Tell us about your show, Hinayni!
Hinayni! is about the idea that we’re more than the sum of our parts, and how we can learn to accept the different aspects of ourselves without worrying about how other people perceive us. I’ve found it really difficult to come up with a humourous strapline for the show – which is ironic because it contains more jokes than anything I’ve ever written!
Your show explores identity. How personal does it get?
I’d say that all of my work explores identity in some way, I think that’s true of a lot of intersectional writers and performers.
Sharing the personal is a way of communicating. One of the reasons I love stand up is that it’s raw communication because the dynamics are different every time. I’m myself and I’m in the room with you and we’re going through this experience together.
I’m very open about the layers of my identity and how they have been formed, and I think that’s a subject most people can identify with.
Was it challenging putting so much intense personal reflection on the stage?
While I’m used to being very truthful on stage, I wasn’t prepared for the impact of describing my neurological disorder and the day that I became more obviously unwell.
I’d been symptomatic throughout my life but hadn’t realised that these things were abnormal until the full condition was triggered. Over a matter of days I lost my speech and my mobility and had to have a huge amount of physiotherapy and other treatment.
It was around 20 years ago but I have issues on a day to day basis and as it’s an “invisible” condition people aren’t necessarily aware that I might be struggling. It took quite a few years before I could be funny about my experiences with family and friends and I thought I was ready to take this public.
However, occasionally onstage in Edinburgh I found myself very overwhelmed by the memories and also by the fact that I felt that by choosing the elements of my disability that other people would find entertaining I wasn’t necessarily being true to myself. Ultimately I began to address this feeling in the show which helped a lot.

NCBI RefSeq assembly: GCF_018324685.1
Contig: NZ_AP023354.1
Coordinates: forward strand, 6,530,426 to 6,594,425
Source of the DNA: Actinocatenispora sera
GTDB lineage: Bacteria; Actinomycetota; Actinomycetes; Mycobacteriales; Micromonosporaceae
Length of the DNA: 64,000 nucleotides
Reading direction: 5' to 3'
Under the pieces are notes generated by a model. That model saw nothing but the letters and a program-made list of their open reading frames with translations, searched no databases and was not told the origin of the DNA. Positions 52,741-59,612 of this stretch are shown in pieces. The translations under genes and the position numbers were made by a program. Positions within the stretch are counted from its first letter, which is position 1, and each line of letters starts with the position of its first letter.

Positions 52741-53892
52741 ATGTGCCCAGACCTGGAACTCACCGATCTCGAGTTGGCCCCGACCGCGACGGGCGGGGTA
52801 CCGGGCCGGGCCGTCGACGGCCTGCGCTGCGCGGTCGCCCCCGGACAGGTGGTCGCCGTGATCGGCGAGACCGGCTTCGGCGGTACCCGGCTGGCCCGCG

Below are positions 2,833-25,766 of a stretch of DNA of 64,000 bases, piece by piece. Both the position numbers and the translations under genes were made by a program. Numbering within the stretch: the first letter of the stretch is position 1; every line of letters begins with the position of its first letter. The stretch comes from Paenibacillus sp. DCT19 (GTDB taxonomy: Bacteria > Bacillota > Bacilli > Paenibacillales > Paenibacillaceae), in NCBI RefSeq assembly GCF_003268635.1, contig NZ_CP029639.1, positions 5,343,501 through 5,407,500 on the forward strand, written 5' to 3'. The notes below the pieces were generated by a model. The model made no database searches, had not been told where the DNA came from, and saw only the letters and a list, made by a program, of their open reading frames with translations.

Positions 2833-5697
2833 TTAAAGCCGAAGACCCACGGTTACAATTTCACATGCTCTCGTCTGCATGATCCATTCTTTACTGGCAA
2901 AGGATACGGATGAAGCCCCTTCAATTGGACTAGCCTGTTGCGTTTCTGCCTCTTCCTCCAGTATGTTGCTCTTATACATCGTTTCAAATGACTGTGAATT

Has writing the show taught you anything about identity and self-reflection that you want to share with us now?
I think it’s brought home to me how much influence I’ve allowed other people to have over how I see myself. My primary school gave me a positive experience but my secondary education doled out a series of negative messages at such a formative time, and I’m now trying to unpick and undo that.
You discuss your faith a lot in your act. What is the trick to sharing this with audiences who aren’t familiar with the nuances of Jewish culture?
As the only practising orthodox Jewish woman currently on the UK comedy circuit I think people expect my material to be very niche, but of course statistically I perform for way more non-Jewish than Jewish people across the year. I’d say that I’m talking about life stuff which we all experience, it’s just through a different lens.
I’m not trying to represent all Jews or even British Jews, I can only represent myself! Once you’re talking about YOU, not the intricacies of a culture but you, yourself, as a kid, a parent, a student, a friend, we can all relate to that material.
Even if it’s said by a kosher eating, sabbath observant, hair covering Jewish mother.
What made you want to perform your new show at the Women In Comedy Festival UK?
The Women In Comedy Festival UK provides a fantastic platform for female identifying comedians – really putting us front and centre as funny acts worth seeing. It’s an incredibly supportive event and I had a really positive experience performing my last show as part of the festival. It’s great to see female promoters pushing women forward.
What do you hope people take away from your show?
I hope that people leave Hinayni! feeling positive and uplifted, it’s a show about being true to yourself and we can all benefit from peeling off a layer here and there. Most of all I hope they’ll have had a big old laugh because it’s really funny!
Are there any other shows at the Women In Comedy Festival UK that you’re excited to see?
I saw the beginning of Susan Murray‘s a few times in Edinburgh when I had a show right before her and it sounded amazing. Pauline Eyre is delivering her first full length show and having seen the half hour version I can’t wait to see this.
I’d recommend the Funny Women Showcase too, they’re always fantastic.
How do you think comedy as an industry could improve to be more supportive of women?
I think we just need to keep building ourselves and each other up. Have each other’s back. Recommend each other if we know a woman who would be perfect for a particular gig or event.
Do you have any advice for other women looking to break into comedy?
The best advice I can give someone starting out is to prepare for a rollercoaster ride, it’s hard work with tremendous highs and horrendous loss. (I’m really selling it here!)
I’d always recommend staying to the end of every gig if possible, because you learn so much from seeing how different people work the same room. And keep listening to your own work and how it’s received so that you can continue to refine it.
Keep pushing and keep learning. I’ll be learning forever.
Rachel is performing her show Hinayni! on October 6th as part of the Women in Comedy Festival.